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If you’ve decided to get a knee or hip replacement, you probably already know that getting around won’t be easy while you’re recovering from surgery. It’s normal to be nervous about falling and injuring your new joint, but thankfully you can greatly minimize your risk of falling if you take a few simple precautions. We spoke to physical therapist Jennifer Becker to find out exactly what you should do to stay safe.
First things first: You want to make sure you’ve removed all fall-hazards from your house before you head to the hospital. That innocent throw rug by your bed and the mat under the kitchen sink turn to landmines when you’re recovering from joint replacement surgery. Tuck cords out of the way and tidy up any clutter on the floor, including pet toys.
If you have pets, we can almost guarantee they’re going to be super excited see you after a night away from home. Becker recommends having a family member keep dogs and cats quarantined in another room when you arrive at home. Excited pets tend to jump up and down around your ankles and may cause you to trip. Greet them only after you’re safely seated!
Don’t try walking without your walker or cane until your physical therapist gives you the green light. The distance to the bathroom might be short, but you’ll be unsteady after surgery. Don’t risk it. Period.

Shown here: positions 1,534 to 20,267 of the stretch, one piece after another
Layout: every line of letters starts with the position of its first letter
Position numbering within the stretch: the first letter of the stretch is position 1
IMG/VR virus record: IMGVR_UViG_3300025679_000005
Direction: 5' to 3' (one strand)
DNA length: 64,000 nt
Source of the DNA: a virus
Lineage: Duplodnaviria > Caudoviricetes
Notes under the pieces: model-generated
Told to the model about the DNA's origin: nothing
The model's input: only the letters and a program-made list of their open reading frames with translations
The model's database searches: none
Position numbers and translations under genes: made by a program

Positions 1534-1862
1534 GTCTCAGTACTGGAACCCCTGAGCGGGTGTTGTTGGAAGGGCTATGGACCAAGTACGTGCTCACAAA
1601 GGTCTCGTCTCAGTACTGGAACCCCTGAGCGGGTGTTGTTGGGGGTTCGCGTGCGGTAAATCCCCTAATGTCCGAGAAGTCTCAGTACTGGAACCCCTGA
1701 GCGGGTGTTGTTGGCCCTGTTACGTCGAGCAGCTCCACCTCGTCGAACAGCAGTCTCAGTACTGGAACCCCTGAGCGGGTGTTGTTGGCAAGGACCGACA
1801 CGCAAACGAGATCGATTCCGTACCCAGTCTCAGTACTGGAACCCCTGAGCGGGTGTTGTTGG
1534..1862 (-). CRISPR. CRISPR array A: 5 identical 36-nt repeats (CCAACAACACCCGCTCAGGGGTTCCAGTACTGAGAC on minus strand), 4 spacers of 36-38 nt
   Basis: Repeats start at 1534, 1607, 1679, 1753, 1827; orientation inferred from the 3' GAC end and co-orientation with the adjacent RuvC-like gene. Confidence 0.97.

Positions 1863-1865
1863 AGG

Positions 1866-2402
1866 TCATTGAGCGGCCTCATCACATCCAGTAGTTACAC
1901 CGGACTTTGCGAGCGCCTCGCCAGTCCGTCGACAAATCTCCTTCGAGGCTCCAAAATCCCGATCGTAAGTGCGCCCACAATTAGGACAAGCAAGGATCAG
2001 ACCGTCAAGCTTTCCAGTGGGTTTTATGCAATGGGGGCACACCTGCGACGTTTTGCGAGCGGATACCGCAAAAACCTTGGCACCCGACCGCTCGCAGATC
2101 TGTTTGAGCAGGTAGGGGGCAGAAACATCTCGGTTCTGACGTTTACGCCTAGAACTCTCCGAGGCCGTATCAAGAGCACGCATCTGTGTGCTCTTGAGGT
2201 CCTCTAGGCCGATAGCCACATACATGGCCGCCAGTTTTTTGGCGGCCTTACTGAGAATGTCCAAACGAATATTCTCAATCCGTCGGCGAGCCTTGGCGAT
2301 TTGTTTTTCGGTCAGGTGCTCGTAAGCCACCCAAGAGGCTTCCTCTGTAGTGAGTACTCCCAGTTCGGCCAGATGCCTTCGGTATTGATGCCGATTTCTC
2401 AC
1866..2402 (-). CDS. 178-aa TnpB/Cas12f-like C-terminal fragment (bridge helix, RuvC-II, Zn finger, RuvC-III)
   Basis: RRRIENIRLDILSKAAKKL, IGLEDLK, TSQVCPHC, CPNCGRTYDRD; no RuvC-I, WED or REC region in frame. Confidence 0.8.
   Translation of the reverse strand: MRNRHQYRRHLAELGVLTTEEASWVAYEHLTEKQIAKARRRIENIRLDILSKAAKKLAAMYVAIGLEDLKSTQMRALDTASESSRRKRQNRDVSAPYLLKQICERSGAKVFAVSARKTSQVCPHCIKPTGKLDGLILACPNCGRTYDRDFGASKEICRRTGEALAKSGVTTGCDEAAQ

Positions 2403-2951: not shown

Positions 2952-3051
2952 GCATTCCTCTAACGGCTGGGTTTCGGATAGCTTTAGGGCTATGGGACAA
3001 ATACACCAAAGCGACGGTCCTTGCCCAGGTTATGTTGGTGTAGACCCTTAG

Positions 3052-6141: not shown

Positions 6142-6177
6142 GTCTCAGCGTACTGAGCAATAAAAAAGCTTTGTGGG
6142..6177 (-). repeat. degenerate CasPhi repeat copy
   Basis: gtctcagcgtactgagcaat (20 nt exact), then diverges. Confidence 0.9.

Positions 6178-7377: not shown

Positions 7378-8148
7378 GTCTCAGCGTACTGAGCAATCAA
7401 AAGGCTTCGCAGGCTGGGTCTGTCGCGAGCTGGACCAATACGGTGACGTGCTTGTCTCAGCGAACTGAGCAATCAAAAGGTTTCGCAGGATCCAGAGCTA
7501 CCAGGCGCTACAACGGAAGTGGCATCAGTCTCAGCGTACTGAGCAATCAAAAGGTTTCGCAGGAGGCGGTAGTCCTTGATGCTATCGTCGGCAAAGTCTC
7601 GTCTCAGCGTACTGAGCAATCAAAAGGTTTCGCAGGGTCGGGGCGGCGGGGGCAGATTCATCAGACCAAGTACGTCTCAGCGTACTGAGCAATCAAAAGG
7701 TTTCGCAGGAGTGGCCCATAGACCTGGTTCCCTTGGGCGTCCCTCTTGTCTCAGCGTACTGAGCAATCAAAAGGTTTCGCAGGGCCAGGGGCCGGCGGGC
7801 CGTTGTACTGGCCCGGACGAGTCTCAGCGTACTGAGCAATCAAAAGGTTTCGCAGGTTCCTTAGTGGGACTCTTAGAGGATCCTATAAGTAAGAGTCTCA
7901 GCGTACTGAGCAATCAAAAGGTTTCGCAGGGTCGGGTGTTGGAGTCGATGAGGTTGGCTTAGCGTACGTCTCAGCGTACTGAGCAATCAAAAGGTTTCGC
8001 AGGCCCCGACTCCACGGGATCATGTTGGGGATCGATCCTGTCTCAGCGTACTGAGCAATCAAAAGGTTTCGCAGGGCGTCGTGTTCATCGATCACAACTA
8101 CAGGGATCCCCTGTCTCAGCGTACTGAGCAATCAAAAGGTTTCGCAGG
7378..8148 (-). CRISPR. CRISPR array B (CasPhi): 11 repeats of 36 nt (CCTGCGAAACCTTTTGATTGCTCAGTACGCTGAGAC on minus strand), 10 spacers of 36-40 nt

And, of course, it’s very important to go to your physical therapy appointments after you’ve been discharged from the hospital. “Physical therapy will address strength, range of motion, balance deficits, and gait dysfunction. All of this will help patients decrease their fall risk,” explains Becker. You also learn how to use your walker or cane correctly so you can get around safely as your body heals and strengthens.
Fall and winter are popular seasons for knee and hip replacements. That means there’s a good chance patients will run into bad weather at some point during the recovery process and need to be extra careful when going outside.
Regardless of the weather, Becker says you should definitely make sure you’re wearing shoes with good tread that won’t slip—but that’s extremely important if the ground is wet. She stresses that you should also use your cane or walker and take or your time. If there’s ice on the ground, just stay home.
If you fall and can’t get up, call 911. If you can get up, get an appointment with your doctor ASAP or come to a walk-in Care on Demand clinic to make sure you didn’t damage the surgical site or sustain a new injury.
There are many types of injuries you can get from a fall. Minor injuries include bruising and muscle soreness. More seriously, you could break a bone, damage your surgical prosthesis, or reopen the incision, which can lead to infection. Concussion or brain bleeding are also possibilities if you hit your head.